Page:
Toxic algae hitting sea lions hard along Southern California coast
San Diego sea lions continue to be affected by neurotoxins from an unusually large algae bloom.
The bloom that created the domoic acid appears to have occurred in the open ocean off the Santa Barbara and Ventura County coasts. The Channel Islands Marine & Wildlife Institute had more than 1000 reports of sickened or dead sea lions in that region in early June.
Locally, SeaWorld’s marine mammal rescue team has taken in more than 20 sea lions suffering after ingesting the toxin.
Rescuers picked up the sick animals after being contacted by people who noticed them acting strangely.
Domoic acid can create seizures, sluggish behavior and aggression in the affected animals. It can also cause death.
Half of the federally-protected marine mammals that were rescued in San Diego did not survive.
“The care teams find a little bit of comfort in the fact that we’re doing everything we can to help them and we know that we’re going to lose some,” said Kelsey Herrick, a SeaWorld veterinarian.
Herrick said the toxin can create permanent damage to the part of the brain that impacts memory making it impossible for the marine mammals to survive in the wild.
Some of the sea lions in SeaWorld’s care were euthanized to prevent suffering.
Federal officials warn beachgoers and onlookers to give animals that appear to be sick plenty of room because the sea lions can be dangerous.
“When they’re affected by the toxin they can act very weird,” Herrick said. “They can act really disoriented. They can act overly aggressive. They can act like they don’t even see you. They can act blind.”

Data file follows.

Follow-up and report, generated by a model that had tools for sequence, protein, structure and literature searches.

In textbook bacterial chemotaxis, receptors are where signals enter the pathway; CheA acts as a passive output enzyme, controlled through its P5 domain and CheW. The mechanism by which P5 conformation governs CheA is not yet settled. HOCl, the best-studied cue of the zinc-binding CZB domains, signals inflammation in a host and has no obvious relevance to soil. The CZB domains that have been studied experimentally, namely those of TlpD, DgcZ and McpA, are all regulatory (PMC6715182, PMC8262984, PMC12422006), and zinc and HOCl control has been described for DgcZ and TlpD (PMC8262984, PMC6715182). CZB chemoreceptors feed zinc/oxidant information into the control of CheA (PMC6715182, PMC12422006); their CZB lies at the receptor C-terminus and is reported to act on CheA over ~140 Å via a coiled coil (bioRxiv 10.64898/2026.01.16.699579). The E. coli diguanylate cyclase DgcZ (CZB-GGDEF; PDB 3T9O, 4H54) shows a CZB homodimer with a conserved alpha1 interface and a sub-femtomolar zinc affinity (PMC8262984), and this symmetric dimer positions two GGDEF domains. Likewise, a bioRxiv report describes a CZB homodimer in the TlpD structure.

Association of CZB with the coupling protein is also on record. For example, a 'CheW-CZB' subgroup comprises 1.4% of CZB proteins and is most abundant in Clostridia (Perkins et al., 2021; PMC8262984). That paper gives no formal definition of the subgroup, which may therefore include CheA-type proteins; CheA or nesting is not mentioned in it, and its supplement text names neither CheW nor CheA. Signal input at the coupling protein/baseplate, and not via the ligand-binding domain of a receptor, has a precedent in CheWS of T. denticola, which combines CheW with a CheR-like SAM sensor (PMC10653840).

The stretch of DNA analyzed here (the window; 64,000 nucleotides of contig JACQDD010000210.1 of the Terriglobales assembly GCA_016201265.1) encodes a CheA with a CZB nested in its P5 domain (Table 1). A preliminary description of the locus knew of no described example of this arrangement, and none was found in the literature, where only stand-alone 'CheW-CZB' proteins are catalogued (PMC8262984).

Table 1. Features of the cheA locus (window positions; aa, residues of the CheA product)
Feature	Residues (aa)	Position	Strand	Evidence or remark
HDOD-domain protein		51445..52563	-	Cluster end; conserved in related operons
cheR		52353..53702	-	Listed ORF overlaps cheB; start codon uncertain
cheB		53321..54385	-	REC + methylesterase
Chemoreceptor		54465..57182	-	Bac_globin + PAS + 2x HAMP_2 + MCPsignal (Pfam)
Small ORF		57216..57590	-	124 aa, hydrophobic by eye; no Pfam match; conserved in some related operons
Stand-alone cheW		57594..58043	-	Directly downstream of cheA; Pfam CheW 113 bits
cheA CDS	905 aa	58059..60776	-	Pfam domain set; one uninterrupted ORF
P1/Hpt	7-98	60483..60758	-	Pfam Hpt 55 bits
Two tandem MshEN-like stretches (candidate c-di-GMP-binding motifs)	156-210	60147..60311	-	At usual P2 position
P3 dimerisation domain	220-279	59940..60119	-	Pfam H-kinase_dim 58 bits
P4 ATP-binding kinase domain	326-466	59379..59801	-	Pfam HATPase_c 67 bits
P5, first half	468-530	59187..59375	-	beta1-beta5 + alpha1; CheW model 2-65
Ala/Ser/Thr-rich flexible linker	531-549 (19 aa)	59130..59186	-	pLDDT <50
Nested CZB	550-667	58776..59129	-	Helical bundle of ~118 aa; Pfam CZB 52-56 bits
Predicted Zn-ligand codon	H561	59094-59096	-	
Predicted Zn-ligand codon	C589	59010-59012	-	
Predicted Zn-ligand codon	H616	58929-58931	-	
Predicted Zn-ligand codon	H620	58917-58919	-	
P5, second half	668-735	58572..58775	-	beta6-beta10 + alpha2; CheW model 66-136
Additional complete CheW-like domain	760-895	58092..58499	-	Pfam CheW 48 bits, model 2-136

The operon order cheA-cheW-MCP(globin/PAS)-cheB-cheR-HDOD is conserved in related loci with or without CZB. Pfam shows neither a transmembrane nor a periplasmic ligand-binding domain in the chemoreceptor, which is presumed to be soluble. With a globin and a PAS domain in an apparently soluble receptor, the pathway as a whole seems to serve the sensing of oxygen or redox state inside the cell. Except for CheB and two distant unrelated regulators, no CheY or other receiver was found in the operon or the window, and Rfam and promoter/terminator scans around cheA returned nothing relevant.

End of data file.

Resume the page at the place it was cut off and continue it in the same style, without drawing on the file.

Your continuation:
SeaWorld officials said people should be wary around sea lions that look sick or are acting in an unusual way. People who see a sick animal should call the marine mammal rescue center at SeaWorld so the mammal can be taken into custody for treatment.
The toxin comes from a large, fast-growing algae bloom in the open ocean.
The rapid growth of the algae Pseudo-nitzschia creates a neurotoxin that damages the brains and hearts of infected animals.
Smaller fish and squid eat the poisonous algae and those smaller animals pass the toxin up the food chain when dolphins and sea lions feed on them.
Sea Lions can eat large quantities of infected animals in a relatively short period of time, and the more toxins they consume, the sicker they get.
“It really started offshore, which we knew because we didn’t see it at any of our nearshore monitoring sites,” said Clarissa Anderson, executive director of Southern California Coastal Ocean Observing System.
Scientists noticed the outbreak in early June around the Ventura and Santa Barbara county shores.
“The bloom may have been in the water for weeks before we started seeing animals strand,” Anderson said. “There is this kind of delay because they’re feeding on animals that are feeding on other animals and it does take time for that to propagate up and throughout a food web.”
Because the bloom was so large, the poisoning of sea lions spread to the Los Angeles and San Diego coast in later June.
The toxic blooms are typical in the spring because of sunshine, warmer ocean waters, and upwelling which brings nutrients that feed the algae closer to the surface.
The ocean conditions that are ripe for the blooms do change in the summer.
“For Southern California in particular, as we move into July, upwelling should go down quite a bit,” Anderson said. “I would just say in terms of the seasonal climatology we should be starting to move out of the time where these blooms are particularly common.”
Even though the offshore bloom might be subsiding, the impact on local marine mammals could linger through the summer.
Anderson said scientists do not fully understand why large blooms happen but a warming ocean could lead to an increasing number of toxic algae blooms in coming years.